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We need to stop dehumanizing security before it’s too late

Sep 05, 20175 mins
Data CenterIT LeadershipSecurity

Gary Golombco-founder of Awake Security, lines up for a Security Slap Shot on the need to bring the human element back to the security operation center.

ai and keeping human jobs primary
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If you’re in security, how do you describe your job? If you’re not in security, how do you describe security?

Security seems to survive on a steady mental diet of negativity. Overwhelmed with news of failures coupled with a growing pressure to perform — flawlessly — often creates an operating environment that feeds on chaos. We’re drawn to security and seem to resign ourselves to feeling bad.

I was recently reminded of this when speaking with Gary Golomb, co-founder at Awake Security. Gary has nearly two decades of experience in threat analysis and has led investigations and containment efforts in a number of notable cases. If you go far enough back, he was a researcher on the Dragon NIDS/HIDS, and before that he served in the United States Marines 2nd Force Reconnaissance Company.

Gary says when he asked people to describe their jobs, the answers were sad. People feel overwhelmed, unappreciated and set up for failure. It’s a horrible way to work. Gary says we need to take a different approach.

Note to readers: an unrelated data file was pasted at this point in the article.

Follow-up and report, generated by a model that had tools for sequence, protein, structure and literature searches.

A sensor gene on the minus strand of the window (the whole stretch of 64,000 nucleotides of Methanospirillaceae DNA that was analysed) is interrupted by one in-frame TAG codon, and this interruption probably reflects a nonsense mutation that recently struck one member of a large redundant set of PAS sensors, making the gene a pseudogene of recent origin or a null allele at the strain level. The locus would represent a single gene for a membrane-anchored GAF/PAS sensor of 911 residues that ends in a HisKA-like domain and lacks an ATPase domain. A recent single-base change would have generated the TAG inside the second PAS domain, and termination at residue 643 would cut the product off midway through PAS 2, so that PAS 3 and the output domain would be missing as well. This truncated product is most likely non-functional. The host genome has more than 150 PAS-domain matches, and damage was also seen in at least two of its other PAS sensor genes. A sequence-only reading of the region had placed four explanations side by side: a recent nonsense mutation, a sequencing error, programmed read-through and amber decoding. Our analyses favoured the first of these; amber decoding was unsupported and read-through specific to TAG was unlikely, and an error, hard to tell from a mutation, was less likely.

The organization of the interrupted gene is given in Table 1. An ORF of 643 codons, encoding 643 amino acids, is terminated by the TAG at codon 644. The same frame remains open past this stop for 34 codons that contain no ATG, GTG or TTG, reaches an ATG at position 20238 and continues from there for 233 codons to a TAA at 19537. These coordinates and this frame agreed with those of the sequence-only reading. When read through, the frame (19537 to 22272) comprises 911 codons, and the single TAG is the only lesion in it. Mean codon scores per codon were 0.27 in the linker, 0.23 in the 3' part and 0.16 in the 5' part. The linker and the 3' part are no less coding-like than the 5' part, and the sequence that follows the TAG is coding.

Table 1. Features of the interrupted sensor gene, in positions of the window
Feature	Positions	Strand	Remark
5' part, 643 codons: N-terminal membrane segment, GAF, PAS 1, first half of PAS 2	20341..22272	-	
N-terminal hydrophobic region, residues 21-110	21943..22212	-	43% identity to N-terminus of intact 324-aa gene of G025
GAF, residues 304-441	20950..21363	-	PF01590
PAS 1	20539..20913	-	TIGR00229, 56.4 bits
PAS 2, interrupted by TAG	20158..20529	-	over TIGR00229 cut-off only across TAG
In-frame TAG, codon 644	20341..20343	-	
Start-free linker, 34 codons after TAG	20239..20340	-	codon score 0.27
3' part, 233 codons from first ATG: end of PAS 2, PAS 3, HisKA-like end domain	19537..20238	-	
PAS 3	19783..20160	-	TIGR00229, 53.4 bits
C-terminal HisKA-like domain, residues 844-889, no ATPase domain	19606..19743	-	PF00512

Here is his Security Slap Shot:

Today’s security products take the human element out of the security operation center

Maybe it’s just nostalgia, but when I think about my early days as a security analyst in the time around Y2K, I recall exciting and interesting work. Then, analysts required very critical thinking, since many offensive tools and procedures were poorly documented in that time before the roughly coordinated intelligence sharing we have today. Most analysts were also engaged in solving interesting problems (with only a few primitive solutions), which itself forced you to master the craft of threat discovery and refine critical hunting skills.

Over the past few years, I’ve spent a lot of time speaking with security analysts around the globe, and the same sense of engagement and motivation is definitely missing today. When I ask analysts to describe their job, I frequently hear words like “tedious ” and “demoralizing” — a far cry from my rose-colored memories. At the end of each of those thousands (or millions) of alerts is an analyst accountable for deciding whether to pull a computer from the network. If the wrong decision is made, it’s not the alerting tool but the analyst who carries the scars for “interrupting the business.” Unsurprisingly, this creates a disincentive for analysts to respond to the more “mistakeable” types of threats, while both directly and indirectly increasing frustration and burnout.